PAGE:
The biotech's top asset is a unique RNAi technology platform dubbed Stealth RNA (rxRNA), featuring a 25-nucleotide length
and a penchant for avoiding the Dicer. Using special delivery systems, RXi is applying rxRNA to target genes linked to Lou
Gehrig's disease, high cholesterol, and obesity. The shop is also working on yeast-based delivery to the gut that could become
the first orally administered RNAi drug,
CEO Tod Woolf, a Sirna alum who codeveloped rxRNA, insists that systemic delivery will be solved, but in a novel way. "It
will not be like a small molecule that goes through the body—which is unfortunately what many people in Big Pharma see as
the standard. The delivery technology will be specific to the target tissue in the same way that RNAi is specific to the target
gene," says Woolf.
mdRNA, Inc. Another pure-play RNAi spin-off (from Nastech), mdRNA is developing its own RNAi trigger based on longer siRNAs—so-called
Dicer-substrate RNAs, or three-stranded siRNAs. CEO Michael French, who previously led Sirna through the Merck acquisition,
says, "If we all threw up our hands and said, 'OK, Alnylam or Sirna wins, and the only RNAi-based therapeutic that's going
to work is one with 19 to 21 base pairs,' I think we'd be doing society and medicine an injustice." mdRNA has preclinical
programs in influenza and inflammation.
Benitec This Australian pure-play is the leading maker of DNA-directed RNAi (ddRNAi), yet another alternative to the Tuschl siRNA.
Benitec is sponsoring one of the most ambitious RNAi clinical trials to date: a Phase I led by City of Hope's John Rossi for
AIDS-related lymphoma, in which RNAi-modified stem cells are transplanted into patients' bone marrow.
And more . . . Rossi, a low-profile RNAi research luminary, also co-founded Boston-based Dicerna last November to test the potential of his own approach, using long strands of siRNA and targeting an earlier stage in the
With systemic delivery the highest R&D hurdle, the RNAi space's fastest growing specialty is figuring out how to build microscopic
Trojan Horses for the RNAi trigger. The leader of the pack seems to be Vancouver's Tekmira (newly merged with cross-town Protiva), with its liposomal formulations. Other shops of interest include Seattle-based Targeted Genetics; Intradigm, a startup in San Francisco; Boston-based Cequent Pharmaceuticals; Mirius Bio in Madison, WI; and California's Calando.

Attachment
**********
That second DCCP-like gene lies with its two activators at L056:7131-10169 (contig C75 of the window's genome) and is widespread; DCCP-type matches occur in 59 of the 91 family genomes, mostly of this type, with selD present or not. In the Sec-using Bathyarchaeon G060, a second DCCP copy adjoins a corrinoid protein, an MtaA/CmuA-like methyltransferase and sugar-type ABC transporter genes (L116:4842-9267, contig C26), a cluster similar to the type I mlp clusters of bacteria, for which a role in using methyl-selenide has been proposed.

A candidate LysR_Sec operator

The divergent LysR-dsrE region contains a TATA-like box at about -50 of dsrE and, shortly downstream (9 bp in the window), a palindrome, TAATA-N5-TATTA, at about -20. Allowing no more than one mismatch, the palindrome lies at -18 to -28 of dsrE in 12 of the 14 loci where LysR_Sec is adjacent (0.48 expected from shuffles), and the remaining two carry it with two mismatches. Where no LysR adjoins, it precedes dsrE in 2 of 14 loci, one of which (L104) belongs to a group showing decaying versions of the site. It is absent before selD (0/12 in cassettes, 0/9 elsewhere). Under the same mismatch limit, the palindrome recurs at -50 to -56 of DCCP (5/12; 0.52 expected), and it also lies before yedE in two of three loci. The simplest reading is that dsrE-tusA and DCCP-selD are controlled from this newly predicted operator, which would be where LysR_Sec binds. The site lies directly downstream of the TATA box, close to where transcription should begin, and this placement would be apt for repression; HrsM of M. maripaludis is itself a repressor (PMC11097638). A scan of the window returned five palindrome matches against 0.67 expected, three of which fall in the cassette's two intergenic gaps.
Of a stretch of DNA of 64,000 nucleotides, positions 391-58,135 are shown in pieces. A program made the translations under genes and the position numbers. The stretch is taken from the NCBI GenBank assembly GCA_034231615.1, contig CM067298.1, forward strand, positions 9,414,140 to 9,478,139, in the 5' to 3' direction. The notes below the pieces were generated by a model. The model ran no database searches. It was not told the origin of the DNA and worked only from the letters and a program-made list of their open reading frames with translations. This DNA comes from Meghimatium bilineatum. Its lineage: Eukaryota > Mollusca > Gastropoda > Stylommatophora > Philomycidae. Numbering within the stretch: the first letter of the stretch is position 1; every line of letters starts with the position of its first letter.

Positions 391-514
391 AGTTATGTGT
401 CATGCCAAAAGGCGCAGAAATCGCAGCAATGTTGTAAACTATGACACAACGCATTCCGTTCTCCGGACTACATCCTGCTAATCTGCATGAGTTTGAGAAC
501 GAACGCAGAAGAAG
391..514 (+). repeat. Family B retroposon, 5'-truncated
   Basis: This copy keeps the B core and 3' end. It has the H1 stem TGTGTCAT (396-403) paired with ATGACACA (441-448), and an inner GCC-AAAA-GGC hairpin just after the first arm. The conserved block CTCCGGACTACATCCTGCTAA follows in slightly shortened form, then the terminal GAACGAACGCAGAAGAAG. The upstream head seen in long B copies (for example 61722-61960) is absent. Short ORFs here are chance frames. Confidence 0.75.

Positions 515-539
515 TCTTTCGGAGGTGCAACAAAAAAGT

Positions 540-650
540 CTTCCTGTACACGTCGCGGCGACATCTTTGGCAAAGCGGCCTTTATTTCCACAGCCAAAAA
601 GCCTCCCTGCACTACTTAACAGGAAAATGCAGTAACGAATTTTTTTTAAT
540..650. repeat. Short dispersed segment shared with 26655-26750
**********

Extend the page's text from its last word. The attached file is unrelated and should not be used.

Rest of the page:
Finally, Isis Pharmaceuticals is the granddaddy of the gene-silencing business. Launched in 1989 by RNA research pioneer Stanley Crooke, the Carlsbad,
CA, biotech is one of the few profitable antisense development shops.
Antisense drugs use a single (rather than double) RNA strand to target messenger RNA, and a less straightforward route than
the RNAi pathway. As a result, antisense lacks RNAi's exceptional potency and specificity. Isis succeeded in marketing one
antisense drug, Vitravene, for ocular injection against AIDS-related cytomegalovirus. But the antisense space has mostly gone
black due to a string of clinical defeats.
Accordingly, Crooke has undertaken a subtle rebranding. RNAi, he says, is merely a subset of antisense. "We've pioneered
all the major mechanisms in antisense, including, of course, RNAi." In any case, Isis has a second generation crop of candidates
in its pipeline for cancer and cardiovascular, metabolic, and inflammatory diseases; it boasts partnerships with J&J, Lilly,
Novartis, Merck, and Teva. But the headlines are its antisense cholesterol fighter, mipomersen, in Phase III, and the $1.5
billion milestone deal ($325 million up front plus 50 percent of profits) inked in January with Genzyme to develop and market
the apoB-100 inhibitor.